Stock Trading in Canada – Timing the Market

Market timing is always a tricky issue. Most people on Bay Street will tell you that timing the market is a fool’s errand.

To a large extent they are correct. Markets – especially those turbulent ones such as we experienced in 2009 – are very difficult to time. Stock values change based on the economy, inflation, jobs, the growth prospects of a company, and other macroeconomic factors that can be called outside influences. Stocks can go up and down in value daily, weekly, or monthly.  And one of the biggest problems with trying to time the market is the time involved in doing it. Do you really have several hours a day to try to stay on top of everything?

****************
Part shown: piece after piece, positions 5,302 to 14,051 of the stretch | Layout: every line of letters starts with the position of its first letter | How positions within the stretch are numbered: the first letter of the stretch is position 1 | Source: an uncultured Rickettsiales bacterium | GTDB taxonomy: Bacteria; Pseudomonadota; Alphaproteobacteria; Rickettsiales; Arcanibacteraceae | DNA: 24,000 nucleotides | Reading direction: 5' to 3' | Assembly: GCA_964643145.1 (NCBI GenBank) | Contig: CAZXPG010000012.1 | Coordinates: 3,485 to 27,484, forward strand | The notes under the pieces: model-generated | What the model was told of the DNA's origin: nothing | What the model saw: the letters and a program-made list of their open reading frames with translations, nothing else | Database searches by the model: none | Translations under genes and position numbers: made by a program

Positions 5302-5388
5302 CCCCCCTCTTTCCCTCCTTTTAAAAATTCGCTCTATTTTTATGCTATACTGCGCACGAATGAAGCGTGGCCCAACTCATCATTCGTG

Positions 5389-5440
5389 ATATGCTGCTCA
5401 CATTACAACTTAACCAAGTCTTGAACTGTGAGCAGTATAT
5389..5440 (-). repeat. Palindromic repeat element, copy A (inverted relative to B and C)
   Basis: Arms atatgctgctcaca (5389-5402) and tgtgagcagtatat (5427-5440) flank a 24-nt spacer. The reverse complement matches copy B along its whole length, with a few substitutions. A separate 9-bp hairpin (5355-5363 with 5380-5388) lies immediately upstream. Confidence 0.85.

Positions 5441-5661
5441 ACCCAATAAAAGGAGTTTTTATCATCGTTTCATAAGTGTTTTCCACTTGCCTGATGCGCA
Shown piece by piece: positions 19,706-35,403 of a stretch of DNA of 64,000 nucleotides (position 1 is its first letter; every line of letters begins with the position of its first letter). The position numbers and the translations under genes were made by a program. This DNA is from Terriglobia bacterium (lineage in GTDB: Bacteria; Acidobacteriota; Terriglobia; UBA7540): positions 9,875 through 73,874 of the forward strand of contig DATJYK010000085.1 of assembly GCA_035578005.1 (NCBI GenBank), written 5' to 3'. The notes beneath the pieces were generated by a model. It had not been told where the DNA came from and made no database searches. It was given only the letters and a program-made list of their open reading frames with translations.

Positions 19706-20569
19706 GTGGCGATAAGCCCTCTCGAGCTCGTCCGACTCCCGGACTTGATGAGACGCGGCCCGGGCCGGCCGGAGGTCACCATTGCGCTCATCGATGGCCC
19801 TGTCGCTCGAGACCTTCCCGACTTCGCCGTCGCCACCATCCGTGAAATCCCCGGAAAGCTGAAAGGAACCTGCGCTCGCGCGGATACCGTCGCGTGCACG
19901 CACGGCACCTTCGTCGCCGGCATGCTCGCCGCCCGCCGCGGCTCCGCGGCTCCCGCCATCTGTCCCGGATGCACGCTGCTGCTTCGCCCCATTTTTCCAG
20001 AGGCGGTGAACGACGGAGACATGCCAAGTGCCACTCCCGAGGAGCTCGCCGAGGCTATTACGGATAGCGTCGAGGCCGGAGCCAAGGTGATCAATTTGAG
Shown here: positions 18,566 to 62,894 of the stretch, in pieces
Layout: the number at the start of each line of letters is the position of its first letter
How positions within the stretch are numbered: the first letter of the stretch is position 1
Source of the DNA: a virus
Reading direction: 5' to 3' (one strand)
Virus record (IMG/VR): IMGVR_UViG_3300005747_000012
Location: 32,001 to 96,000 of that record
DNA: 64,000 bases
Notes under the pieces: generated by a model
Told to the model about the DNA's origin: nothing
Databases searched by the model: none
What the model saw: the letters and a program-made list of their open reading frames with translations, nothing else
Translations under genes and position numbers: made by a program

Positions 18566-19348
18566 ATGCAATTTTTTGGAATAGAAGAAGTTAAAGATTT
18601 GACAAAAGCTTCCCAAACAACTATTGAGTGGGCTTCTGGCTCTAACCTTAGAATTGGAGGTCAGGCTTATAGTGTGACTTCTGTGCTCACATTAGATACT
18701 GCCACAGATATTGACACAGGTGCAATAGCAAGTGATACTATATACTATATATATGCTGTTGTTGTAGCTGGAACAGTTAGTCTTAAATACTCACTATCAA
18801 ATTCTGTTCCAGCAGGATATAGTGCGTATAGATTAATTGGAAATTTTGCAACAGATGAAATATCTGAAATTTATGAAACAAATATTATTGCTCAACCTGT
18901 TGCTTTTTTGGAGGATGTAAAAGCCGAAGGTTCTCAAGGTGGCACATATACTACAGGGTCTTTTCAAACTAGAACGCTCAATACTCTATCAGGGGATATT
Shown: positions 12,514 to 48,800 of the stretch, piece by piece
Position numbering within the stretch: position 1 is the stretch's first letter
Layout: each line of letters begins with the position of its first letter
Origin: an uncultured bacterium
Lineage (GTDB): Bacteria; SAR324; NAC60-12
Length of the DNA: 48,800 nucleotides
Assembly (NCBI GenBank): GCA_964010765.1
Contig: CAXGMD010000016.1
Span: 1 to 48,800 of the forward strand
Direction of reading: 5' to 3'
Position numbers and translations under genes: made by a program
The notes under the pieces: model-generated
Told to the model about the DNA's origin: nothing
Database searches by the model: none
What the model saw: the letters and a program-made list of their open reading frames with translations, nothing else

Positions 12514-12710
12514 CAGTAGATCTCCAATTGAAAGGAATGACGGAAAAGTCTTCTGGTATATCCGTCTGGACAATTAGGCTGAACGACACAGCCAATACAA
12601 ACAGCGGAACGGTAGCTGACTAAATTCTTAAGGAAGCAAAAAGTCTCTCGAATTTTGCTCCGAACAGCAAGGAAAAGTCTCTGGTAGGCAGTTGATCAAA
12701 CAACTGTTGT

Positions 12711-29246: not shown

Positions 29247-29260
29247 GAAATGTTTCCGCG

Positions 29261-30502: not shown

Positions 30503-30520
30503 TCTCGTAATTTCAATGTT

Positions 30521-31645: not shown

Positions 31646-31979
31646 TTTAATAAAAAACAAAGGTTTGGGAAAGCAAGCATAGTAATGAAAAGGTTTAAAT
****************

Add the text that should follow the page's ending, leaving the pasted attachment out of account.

Probably not. So what can you do?

As Jim Cramer often  says, “There’s always a bull market somewhere”. And more importantly, the market does not need to go up for an investor like you to make money.

As investors, we’re programmed to think in terms of “buy low,  sell high”, but what many investment advisors don’t tell their clients is that it’s equally possible to “sell high and buy low” when stock markets are in a decline.

Something else worth knowing is that there are also strategies you can use to make money when the markets are flat. In sum: you should not be afraid of whether or not to invest now but concentrate on howyou are investing.

One more tip: it is always prudent to average into your investments

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